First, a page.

On Day2, the journey started at 09:30 A.M, we thought of reaching Sach Pass by 14: 00 P.M. and then we embarked on one of the toughest journeys of our lives. PWD has sacrificed hundreds of lives in constructing those roads with limited manpower and primitive machinery. Landslides and heavy rains are characteristic properties of that region and constructing a road, which is wide, safe, and free from potholes is just not possible in that region, yet the PWD has managed to do a commendable job. All the names like Teesa (तिस्सा), Bairagarh (बैरागढ़), Satrundi (सतरुन्दी), Kalaban (कालाबन), which appear in newspapers, mostly because of deadly accidents are nothing but very small villages. You do not even notice their existence and they just stay as silent as they have remained since ages.
School kids still walk 15-20 kilometers to reach their schools, some of the villages still have to see roads and buses. Almost every shop sells liquor openly because that’s what keeps them busy. Road starts to deteriorate after crossing Bairagadh and thankfully it did not rain otherwise journey would have become even more difficult. Sharp stones, not boulders, can be seen as constituent elements of the roads and if you are not lucky enough, a tire burst is very much possible. As you approach Kalaban, the whole region becomes silent and dark.
Kalaban is just what its name suggests it to be, a black thick forest.
There is a police checkpost at Satrundi, this is where terrorists attacked and killed policemen few years ago. Satrundi is the entry point to the Pangi Valley and you get inner line permits here. The procedure here is slight different because they shoot a video footage because of security reasons, in case you are a terrorist then your video footage will help them to trace you. The J&K border is just within reach and J&K police has constructed bunkers to encounter any terrorist activity in the region.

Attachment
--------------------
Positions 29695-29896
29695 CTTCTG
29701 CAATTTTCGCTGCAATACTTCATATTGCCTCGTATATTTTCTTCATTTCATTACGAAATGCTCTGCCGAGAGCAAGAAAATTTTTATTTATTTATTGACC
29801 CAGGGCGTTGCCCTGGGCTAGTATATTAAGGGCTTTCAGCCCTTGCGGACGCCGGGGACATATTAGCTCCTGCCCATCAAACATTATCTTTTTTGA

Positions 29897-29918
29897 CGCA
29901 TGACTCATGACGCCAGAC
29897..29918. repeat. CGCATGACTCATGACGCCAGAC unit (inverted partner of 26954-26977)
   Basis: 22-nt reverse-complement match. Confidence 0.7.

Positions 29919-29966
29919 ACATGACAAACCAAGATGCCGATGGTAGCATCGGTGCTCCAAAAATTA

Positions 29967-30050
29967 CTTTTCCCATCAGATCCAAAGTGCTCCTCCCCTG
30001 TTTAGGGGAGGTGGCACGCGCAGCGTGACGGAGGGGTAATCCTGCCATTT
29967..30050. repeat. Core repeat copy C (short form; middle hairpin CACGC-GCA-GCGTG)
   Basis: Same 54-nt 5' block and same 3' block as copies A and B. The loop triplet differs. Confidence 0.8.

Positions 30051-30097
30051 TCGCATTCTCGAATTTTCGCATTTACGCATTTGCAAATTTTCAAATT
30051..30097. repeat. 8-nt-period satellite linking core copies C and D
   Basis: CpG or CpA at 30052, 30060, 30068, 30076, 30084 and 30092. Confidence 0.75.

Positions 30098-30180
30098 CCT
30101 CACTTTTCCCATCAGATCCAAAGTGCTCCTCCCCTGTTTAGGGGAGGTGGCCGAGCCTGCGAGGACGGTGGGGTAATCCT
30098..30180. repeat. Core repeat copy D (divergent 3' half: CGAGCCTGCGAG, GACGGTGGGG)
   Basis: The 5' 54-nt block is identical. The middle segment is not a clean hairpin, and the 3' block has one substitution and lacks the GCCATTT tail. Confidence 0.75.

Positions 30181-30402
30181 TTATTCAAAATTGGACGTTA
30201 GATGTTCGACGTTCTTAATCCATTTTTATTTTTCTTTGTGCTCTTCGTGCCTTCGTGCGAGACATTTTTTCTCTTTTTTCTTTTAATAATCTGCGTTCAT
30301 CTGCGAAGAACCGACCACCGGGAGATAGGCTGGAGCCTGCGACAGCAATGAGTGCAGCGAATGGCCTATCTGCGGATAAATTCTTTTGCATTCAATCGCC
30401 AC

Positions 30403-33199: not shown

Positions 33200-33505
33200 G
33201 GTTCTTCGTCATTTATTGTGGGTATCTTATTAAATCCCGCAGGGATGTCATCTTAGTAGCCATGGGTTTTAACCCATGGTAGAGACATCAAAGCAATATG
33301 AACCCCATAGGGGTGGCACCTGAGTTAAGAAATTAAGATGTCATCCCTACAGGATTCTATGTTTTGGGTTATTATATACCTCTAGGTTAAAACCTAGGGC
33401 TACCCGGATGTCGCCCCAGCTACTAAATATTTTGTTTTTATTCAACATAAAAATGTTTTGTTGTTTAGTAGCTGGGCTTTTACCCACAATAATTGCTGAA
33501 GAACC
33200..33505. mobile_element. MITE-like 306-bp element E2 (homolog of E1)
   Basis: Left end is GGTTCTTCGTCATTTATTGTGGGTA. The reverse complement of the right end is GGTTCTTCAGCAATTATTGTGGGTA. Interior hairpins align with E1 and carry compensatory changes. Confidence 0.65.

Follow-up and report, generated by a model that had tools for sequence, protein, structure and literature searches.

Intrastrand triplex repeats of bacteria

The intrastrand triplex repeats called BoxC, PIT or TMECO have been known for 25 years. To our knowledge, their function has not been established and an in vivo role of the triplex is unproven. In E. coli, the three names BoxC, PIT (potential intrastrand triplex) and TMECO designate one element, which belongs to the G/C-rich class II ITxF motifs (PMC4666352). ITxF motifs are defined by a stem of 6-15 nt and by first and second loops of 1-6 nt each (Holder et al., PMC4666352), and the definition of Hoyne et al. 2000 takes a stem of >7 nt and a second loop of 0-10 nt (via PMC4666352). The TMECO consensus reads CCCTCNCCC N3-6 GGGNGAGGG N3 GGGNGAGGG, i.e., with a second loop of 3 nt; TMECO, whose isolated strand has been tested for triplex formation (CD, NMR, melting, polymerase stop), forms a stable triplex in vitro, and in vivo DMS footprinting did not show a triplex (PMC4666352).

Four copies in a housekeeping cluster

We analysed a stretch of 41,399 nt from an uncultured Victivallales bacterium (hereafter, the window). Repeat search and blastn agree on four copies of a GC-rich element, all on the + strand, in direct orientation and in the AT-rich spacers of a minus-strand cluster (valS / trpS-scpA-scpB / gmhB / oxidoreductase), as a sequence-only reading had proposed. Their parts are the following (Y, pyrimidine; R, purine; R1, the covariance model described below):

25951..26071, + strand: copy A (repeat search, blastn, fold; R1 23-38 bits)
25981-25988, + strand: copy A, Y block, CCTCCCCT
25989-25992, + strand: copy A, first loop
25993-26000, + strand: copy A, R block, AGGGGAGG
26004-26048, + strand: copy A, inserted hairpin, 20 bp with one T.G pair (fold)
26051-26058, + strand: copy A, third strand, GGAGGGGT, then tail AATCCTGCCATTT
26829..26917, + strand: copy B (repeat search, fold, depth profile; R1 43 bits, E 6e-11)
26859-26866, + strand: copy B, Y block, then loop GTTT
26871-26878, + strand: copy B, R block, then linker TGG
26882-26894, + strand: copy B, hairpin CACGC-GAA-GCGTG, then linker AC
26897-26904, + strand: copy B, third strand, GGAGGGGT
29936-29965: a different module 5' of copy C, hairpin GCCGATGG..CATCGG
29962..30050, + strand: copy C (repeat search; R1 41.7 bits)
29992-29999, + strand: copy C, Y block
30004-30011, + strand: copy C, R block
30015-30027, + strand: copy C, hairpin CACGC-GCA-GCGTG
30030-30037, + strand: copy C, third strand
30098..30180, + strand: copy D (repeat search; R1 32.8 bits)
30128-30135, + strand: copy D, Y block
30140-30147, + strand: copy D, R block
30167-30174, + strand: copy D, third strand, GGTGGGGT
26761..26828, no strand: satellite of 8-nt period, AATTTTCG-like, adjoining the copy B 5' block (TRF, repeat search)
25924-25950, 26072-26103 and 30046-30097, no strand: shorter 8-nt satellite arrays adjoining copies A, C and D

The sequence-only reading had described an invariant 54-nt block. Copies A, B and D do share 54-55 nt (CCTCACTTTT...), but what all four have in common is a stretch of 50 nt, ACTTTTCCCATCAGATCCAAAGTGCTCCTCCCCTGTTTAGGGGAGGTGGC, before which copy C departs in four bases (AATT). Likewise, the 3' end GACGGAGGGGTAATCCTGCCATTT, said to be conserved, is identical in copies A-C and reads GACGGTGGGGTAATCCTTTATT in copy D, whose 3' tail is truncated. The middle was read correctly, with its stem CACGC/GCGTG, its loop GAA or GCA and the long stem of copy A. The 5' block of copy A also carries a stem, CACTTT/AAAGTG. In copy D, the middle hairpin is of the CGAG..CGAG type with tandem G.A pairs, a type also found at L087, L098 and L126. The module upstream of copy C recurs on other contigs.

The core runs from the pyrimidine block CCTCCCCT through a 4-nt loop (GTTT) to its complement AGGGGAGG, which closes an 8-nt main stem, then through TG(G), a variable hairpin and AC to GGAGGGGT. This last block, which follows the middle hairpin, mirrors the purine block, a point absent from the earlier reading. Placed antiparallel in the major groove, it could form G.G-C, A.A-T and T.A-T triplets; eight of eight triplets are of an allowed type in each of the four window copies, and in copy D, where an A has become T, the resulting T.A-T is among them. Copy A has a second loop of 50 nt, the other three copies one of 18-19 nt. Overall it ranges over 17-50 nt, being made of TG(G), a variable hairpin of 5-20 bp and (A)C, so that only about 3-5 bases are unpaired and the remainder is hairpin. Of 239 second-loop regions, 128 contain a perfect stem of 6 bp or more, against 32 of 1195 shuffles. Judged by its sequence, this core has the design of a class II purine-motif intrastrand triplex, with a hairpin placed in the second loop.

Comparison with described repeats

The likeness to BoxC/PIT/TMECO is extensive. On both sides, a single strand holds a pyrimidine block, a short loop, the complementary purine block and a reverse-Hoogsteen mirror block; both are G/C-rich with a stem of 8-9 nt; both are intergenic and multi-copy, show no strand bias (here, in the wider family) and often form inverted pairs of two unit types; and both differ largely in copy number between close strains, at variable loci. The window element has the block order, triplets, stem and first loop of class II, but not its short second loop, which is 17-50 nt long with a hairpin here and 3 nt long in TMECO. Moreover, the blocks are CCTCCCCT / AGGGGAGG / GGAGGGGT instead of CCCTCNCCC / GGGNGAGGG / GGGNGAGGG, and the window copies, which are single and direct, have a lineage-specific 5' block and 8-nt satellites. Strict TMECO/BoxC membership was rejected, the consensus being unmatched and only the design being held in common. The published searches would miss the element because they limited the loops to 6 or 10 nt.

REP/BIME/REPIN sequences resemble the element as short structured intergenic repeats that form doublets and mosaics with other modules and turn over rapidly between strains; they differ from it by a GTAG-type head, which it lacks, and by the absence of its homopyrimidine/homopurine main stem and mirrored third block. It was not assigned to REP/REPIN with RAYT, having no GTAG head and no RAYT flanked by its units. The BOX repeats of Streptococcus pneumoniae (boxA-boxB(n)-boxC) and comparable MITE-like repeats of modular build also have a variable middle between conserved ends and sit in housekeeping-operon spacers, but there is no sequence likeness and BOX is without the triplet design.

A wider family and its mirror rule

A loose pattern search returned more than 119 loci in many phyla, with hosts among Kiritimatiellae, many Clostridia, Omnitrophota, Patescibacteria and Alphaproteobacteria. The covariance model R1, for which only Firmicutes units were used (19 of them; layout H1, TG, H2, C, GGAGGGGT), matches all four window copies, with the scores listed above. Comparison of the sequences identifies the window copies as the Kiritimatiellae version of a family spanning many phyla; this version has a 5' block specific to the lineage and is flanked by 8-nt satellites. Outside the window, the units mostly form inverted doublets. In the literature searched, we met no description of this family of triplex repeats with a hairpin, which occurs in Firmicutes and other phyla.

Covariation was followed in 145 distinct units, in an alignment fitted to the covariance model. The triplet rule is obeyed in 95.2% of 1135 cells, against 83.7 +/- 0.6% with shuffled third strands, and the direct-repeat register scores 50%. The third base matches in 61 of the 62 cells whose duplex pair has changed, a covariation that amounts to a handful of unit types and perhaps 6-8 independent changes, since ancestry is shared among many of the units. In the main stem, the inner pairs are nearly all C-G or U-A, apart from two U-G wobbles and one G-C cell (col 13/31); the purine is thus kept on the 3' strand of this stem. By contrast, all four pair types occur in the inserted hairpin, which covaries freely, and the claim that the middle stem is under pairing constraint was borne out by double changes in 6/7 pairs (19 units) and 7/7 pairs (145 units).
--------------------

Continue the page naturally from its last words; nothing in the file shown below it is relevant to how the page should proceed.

Water, snow, fog, waterfalls on the road, and milestones kept us busy. The milestones were unique and designed exclusively for the Pangi Valley. If first milestone says Sach Pass = 105 KM, then the second will say Kilad = 170 KM, third will say Kalaban = X KM and the fourth one will say something else. And eventually you will forget which place is how many kilometers away. Once the steep climb started, the bike stared gasping for breath. At 4400 meters, surrounded by fog and snow, breathing is not the easiest tasks to do. There were few very tough spots on our way but unlike Rohtang, the region was free from tourist vehicles, so it went smooth. The hands were numb, and eyelashes were heavy because of dewdrops accumulated over them. We reached at the top and found two shepherds, a temple, and a shed for resting.
Eternal silence, mind boggling landscape, and zero visibility, that is Sach Pass. Zero visibility and deafening silence was what we saw on the top of Sach Pass. We reached exactly at 1400 hours and decided not to move ahead into the Pangi Valley but go back to Chamba.
Day 1- Hamirpur- Nurpur-Banikhet-Surangani | 227 kilometers
Day 2 – Surangani-Tissa-Bairagarh-Satrundi-Sach Pass | 103 Kilometers.
Chamba – Sach Pass = 138 km | Surangani – Sach Pass = 101 km | Chamba – Surangani = 35 km | Chamba – Kilad = 208 km